"The rebels and bandits have lost their living banner. They lost their symbol," Taus Dzhabrailov, chairman of the State Council of Chechnya, said in a telephone interview from Grozny. "People in Chechnya can see how the resistance base is diminishing here. Now that Maskhadov is gone, I think the process of resolving the conflict will be speeded up considerably."

But others said Moscow had succeeded only in eliminating the one man who could have helped bring a negotiated peace to the region. Moscow, they said, now faces years of continued warfare against a resistance that will increasingly be led by radical Islamists.

Maskhadov represented a rebel wing that had been relatively moderate. Basayev is much more closely associated with radical Islam.

Authorities said three Maskhadov associates had been detained in the operation. One was identified as Vakhit Murdashev, Maskhadov's chief of staff after his 1997 election as president of Chechnya, the Russian news agency Interfax reported.

Chechens exercised self-rule in their republic in the Caucasus after defeating Russian troops in a 1994-96 war. Russian forces returned in 1999 after a series of apartment bombings in Russia were blamed on Chechen terrorists. Chechnya is now led by pro-Kremlin President Alu Alkhanov.

The intent of Tuesday's operation had been to capture Maskhadov, not kill him, said Kadyrov, whose father, late Chechen President Akhmad Kadyrov, was killed in May by a bomb planted in a sports stadium.

Maj. Gen. Ilya Shabalkin, a spokesman for Russian forces in the region, said Maskhadov was killed when federal forces blew up his bunker. But Russian news agencies quoted Kadyrov as saying that he was killed by a bullet fired by one of his own bodyguards.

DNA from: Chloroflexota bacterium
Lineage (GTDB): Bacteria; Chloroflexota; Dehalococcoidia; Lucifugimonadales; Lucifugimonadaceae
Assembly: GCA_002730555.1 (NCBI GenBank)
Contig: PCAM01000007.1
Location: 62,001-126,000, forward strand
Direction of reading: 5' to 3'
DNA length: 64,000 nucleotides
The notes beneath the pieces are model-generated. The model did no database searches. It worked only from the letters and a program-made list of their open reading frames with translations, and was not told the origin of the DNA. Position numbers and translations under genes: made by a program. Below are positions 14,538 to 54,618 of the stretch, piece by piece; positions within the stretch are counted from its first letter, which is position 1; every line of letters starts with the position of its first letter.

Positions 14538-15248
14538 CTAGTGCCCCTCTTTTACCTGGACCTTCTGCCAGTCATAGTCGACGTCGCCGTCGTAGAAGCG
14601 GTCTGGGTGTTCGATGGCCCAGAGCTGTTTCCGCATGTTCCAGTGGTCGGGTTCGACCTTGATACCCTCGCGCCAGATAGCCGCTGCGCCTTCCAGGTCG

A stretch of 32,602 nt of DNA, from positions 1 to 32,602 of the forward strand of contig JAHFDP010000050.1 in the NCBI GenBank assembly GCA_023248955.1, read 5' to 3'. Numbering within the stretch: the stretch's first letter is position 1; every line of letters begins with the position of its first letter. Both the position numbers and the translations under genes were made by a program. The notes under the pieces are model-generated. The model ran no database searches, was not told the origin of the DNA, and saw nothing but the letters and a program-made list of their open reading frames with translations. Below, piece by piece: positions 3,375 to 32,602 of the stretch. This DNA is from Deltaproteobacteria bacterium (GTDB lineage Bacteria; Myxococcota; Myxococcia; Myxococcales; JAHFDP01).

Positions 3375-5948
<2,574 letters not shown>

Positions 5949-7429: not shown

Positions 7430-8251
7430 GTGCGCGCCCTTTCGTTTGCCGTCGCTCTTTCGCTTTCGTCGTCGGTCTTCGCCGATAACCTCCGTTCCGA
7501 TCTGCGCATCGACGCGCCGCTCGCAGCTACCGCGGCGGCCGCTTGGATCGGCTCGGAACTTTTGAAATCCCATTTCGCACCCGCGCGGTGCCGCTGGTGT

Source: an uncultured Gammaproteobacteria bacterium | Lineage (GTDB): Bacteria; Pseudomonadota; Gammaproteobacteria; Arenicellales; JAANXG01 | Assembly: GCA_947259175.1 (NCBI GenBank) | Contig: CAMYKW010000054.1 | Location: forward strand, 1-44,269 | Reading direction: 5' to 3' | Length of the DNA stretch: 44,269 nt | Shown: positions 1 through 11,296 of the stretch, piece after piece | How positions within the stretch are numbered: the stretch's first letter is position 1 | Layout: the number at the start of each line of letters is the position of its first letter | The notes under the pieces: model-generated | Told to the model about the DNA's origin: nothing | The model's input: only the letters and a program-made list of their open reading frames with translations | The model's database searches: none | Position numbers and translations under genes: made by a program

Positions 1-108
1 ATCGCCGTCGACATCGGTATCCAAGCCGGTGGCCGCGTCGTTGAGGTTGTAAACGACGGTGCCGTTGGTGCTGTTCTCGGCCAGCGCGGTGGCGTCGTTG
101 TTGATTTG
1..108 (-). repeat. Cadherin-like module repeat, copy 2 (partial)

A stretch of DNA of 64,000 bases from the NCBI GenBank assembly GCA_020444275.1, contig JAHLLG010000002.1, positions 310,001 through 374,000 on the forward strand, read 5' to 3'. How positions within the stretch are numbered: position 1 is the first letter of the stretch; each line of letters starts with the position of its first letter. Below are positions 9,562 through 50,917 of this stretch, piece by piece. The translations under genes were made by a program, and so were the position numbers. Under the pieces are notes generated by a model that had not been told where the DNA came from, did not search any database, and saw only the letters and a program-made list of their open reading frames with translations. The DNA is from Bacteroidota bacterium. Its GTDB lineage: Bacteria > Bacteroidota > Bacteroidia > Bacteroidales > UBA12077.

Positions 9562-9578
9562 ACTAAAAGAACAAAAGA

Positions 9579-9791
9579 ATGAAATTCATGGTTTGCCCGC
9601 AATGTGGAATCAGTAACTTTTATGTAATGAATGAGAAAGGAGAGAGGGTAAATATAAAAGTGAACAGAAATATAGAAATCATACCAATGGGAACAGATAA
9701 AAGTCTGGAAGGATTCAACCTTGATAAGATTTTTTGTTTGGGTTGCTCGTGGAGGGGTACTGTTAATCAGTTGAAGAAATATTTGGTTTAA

"They wanted to capture Maskhadov alive, but he died as a result of his bodyguard's negligent handling of a firearm," Kadyrov told Itar-Tass.

Maskhadov had been hiding in a small bunker, but "the place was very tight," Kadyrov said. "His bodyguard might have been awkward and accidentally opened fire. The shot was lethal."

Chechen presidential security servicemen took part in the operation along with federal forces, said Kadyrov, a hard-line opponent of rebel forces who is often viewed as the most powerful figure in Chechnya.

Sultanbek Larsanov, a resident of Tolstoy-Yurt, said in a telephone interview that he heard helicopters flying low over the village beginning about 9 a.m. Tuesday.

"My neighbors told me there is a 'mopping-up operation' in the village," he said. "Usually during such operations the federal troops or the police block the entire village, surrounding it with armored personnel carriers on all sides. Today they just blocked off a relatively small area in the western end of the village.